Monday, July 28, 2014

Stock Bubble Warning


Everyone has an opinion as to whether or not US stock indices are in a bubble at the present (July, 2014). Given a moment’s reflection, I came up with ten reasons US stocks are indeed in a bubble.

1) Fed Chair Yellen expressed concern in mid-July (2014) that certain asset classes appeared to be stretched in terms of valuation. The three that she mentioned were social media stocks, biotechs, and small caps. This is a bit disturbing on several levels. First, Fed people are bankers and not economists or investment experts. As bankers, the Fed only knows one thing. That is, they have the power to steal money from a sovereign Treasury and give that money to their banker friends who help the Fed to control the world. Second, Ms. Yellen may indeed be correct. Maybe the asset classes that she mentioned are at least expensive if not bubblicious. Third, the Fed no credibility for anything other than being a master manipulator of asset prices that results in wealth inequality. In other words, the Fed and their bankster friends get all the wealth and the rest of us get all the work. It seems to me that Ms. Yellen is free to voice an opinion concerning valuations but once inclined, Ms. Yellen needs to look at the biggest bubble in the history of the world - the US Treasury bonds. Yet, this is the very asset class that Ms. Yellen and her predecessors have worked so hard to manipulate into a bubble. And oddly, there is no one in the solar system that would argue against this. Does Ms. Yellen not see a bubble in Treasury Bonds? Is Ms. Yellen trying to misdirect our attention from the Fed’s own personal bubble? Does Ms. Yellen think we are all Pelosi’s? Yep, we are in a bubble.

2) Greece is still borrowing at about 8%. Jamaica is about to issue government bonds and it is estimated that they will carry an interest coupon at about 7%. Argentina is still borrowing. Greece is broke and in a permanent depression due to their ECB life support. Jamaica has defaulted twice in the last three years. Yet, they still borrow at only 7%. Argentina is currently in default talks with a US hedge fund. And further, the US is currently borrowing at 2.5% while the Treasury is $17.5 trillion in debt with no hope of ever repaying any of it. When broke, bankrupt, defaulting governments borrow at less than 10%, we might be in a bubble.

3) Q1 US GDP was reported to be down 2.9%. To date, the major US indices are positive for the year. Given that GDP is merely a function of money velocity times money supply, and given that the Fed that has been producing money supply is now cutting back, there is no chance that GDP could possibly pick up enough to justify current stock valuations. Yep, we are in a bubble.

4) The stock price for AMZN is over $320 and Amazon has no P/E because it has no E. The company just recently reported more losses. Why is the price so high? Because Amazon is the sixth largest holding in the Nasdaq 100 and  represents 4% of the index.Yep, we are in a bubble.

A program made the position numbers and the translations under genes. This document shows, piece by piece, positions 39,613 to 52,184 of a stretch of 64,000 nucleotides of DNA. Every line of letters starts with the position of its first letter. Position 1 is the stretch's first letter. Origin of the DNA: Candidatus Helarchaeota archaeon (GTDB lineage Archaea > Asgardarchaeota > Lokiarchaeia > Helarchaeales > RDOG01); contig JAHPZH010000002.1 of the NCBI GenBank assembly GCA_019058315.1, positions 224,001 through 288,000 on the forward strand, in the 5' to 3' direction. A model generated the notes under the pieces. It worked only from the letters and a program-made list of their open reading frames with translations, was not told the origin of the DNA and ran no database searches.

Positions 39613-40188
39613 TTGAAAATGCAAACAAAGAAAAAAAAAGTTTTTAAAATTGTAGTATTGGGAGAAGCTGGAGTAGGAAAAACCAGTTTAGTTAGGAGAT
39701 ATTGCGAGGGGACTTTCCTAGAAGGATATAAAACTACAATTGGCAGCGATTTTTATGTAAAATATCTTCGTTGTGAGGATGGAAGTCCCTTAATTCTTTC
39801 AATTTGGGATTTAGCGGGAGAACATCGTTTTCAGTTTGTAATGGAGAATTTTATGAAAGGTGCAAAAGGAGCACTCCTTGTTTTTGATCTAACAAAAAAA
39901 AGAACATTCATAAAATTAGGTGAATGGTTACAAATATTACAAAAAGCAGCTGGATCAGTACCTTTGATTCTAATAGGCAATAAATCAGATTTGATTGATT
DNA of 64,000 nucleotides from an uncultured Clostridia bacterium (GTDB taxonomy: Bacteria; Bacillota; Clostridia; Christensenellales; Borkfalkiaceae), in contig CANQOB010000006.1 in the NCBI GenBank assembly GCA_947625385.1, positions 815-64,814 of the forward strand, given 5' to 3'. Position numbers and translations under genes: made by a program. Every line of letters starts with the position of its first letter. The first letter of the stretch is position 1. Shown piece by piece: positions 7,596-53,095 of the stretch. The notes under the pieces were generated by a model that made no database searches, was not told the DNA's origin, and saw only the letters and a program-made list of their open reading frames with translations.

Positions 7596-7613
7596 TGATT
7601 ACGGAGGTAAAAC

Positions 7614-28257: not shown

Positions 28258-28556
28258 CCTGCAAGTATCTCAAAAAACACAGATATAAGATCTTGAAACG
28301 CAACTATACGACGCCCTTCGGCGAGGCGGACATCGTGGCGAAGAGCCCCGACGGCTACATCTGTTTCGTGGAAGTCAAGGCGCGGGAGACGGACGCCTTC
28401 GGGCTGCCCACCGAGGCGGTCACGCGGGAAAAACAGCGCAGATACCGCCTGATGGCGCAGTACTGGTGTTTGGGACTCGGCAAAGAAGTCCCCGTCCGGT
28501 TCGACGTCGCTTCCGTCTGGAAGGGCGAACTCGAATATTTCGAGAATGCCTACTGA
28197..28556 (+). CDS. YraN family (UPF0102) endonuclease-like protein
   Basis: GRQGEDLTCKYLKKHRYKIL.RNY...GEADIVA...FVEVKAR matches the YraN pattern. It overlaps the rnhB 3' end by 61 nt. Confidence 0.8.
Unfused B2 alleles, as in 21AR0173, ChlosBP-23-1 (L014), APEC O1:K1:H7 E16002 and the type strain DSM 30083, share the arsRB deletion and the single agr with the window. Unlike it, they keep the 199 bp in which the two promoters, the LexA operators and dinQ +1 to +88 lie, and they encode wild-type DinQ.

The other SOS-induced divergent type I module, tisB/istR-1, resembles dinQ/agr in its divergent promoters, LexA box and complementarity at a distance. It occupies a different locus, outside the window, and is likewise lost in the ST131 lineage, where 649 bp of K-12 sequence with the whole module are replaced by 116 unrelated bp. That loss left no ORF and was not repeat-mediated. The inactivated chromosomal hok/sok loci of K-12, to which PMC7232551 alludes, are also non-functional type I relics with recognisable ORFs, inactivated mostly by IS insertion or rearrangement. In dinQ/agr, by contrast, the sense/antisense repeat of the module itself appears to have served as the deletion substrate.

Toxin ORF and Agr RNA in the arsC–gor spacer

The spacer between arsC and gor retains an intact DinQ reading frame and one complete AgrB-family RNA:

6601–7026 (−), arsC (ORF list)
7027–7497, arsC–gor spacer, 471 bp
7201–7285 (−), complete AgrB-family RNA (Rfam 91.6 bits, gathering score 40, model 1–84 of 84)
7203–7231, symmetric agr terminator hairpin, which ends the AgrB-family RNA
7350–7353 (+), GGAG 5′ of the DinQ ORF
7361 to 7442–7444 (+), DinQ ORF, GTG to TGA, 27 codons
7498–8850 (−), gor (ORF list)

5) Speaking of the Nasdaq 100, the index is up 11% year-to-date as of this writing. The idea is that the rest of the world is mired in a no growth economic environment. Therefore, the transnational companies will suffer as they do business with the rest of the world. Smaller companies that make up the Nasdaq don’t have as much international exposure so they should have an earnings advantage over their Dow brethren. However, the logic breaks down as the Russell 2000 is down 2% over the same time span while emerging markets are up 8%. Don’t try to understand it. We are in a bubble.

6) The death of Apple. Yes, we are witness to the destruction of one of the great companies in the world. If readers use Mac computers, they know the advantage of these machines. However, if readers have upgraded to the new Mac operating system known as ‘Mavericks’, they have seen the beginning of the end. It seems that something has gone terribly bad at Apple for them to put out pure garbage. Mavericks is so bad, that in my opinion, it is, and pardon me for using profanity here, but Mavericks is so bad that it feels very, well, Microsoft-ish. Unless Apple trashes this piece of garbage, fires every person connected with it, and quickly comes out with a more Apple-like system, the company may be doomed. Yet, the stock price continues to rise. Yep, we may be in a bubble.

7) Since June 1, 2014, gold is up 4% and gold miner stocks are up 20%. Given that the Fed will continue to withdraw stimulus, the dollar should continue to strengthen. Stronger dollars usually work against gold prices. Will miners continue to rally? Yep, we might be in a bubble.

8) Caterpillar and Joy Global make mining equipment. Both reported slow sales and both gave no expectations of a revival. Both report that business is slow and not getting better. Yet, miners still rally. Yep, we might be in a bubble.

9) Economic data has been replaced by economic propaganda. Good news is followed by bad news. Bad news is followed by good news. That way, investors just stay confused. For example, we were told in July that existing home sales were up. New home sales were way down. Next month, the regime will reverse that news. Existing home sales will be down and new home sales will be up. This will be announced in spite of the most recent data that contracts were down. Truth doesn’t matter to a liar. Likewise, durable goods orders were up in July. However, the previous increase for the month of June was revised to a negative. Good news, bad news, good news. It’s just news. It’s just propaganda. No of us can handle the truth. Yep, we might be in a bubble.

10) I have included the chart below that shows the Dow over the previous 2.5 years on a monthly basis. We can see the non-stop ascent of the price of the index. We can see that there have only been 6 negative months during the period. Several of those were only mild declines. Since the Fed has come to the rescue of equities time and time again, investors have clearly decided that there is no risk in stocks. Ms. Yellen chided investors for not respecting risk. However, this is like Santa Claus bringing toys to us every Christmas morning and then chiding us for expecting such gifts. If Ms. Yellen would like investors to respect risk again, maybe she shouldn’t show up on Christmas Eve.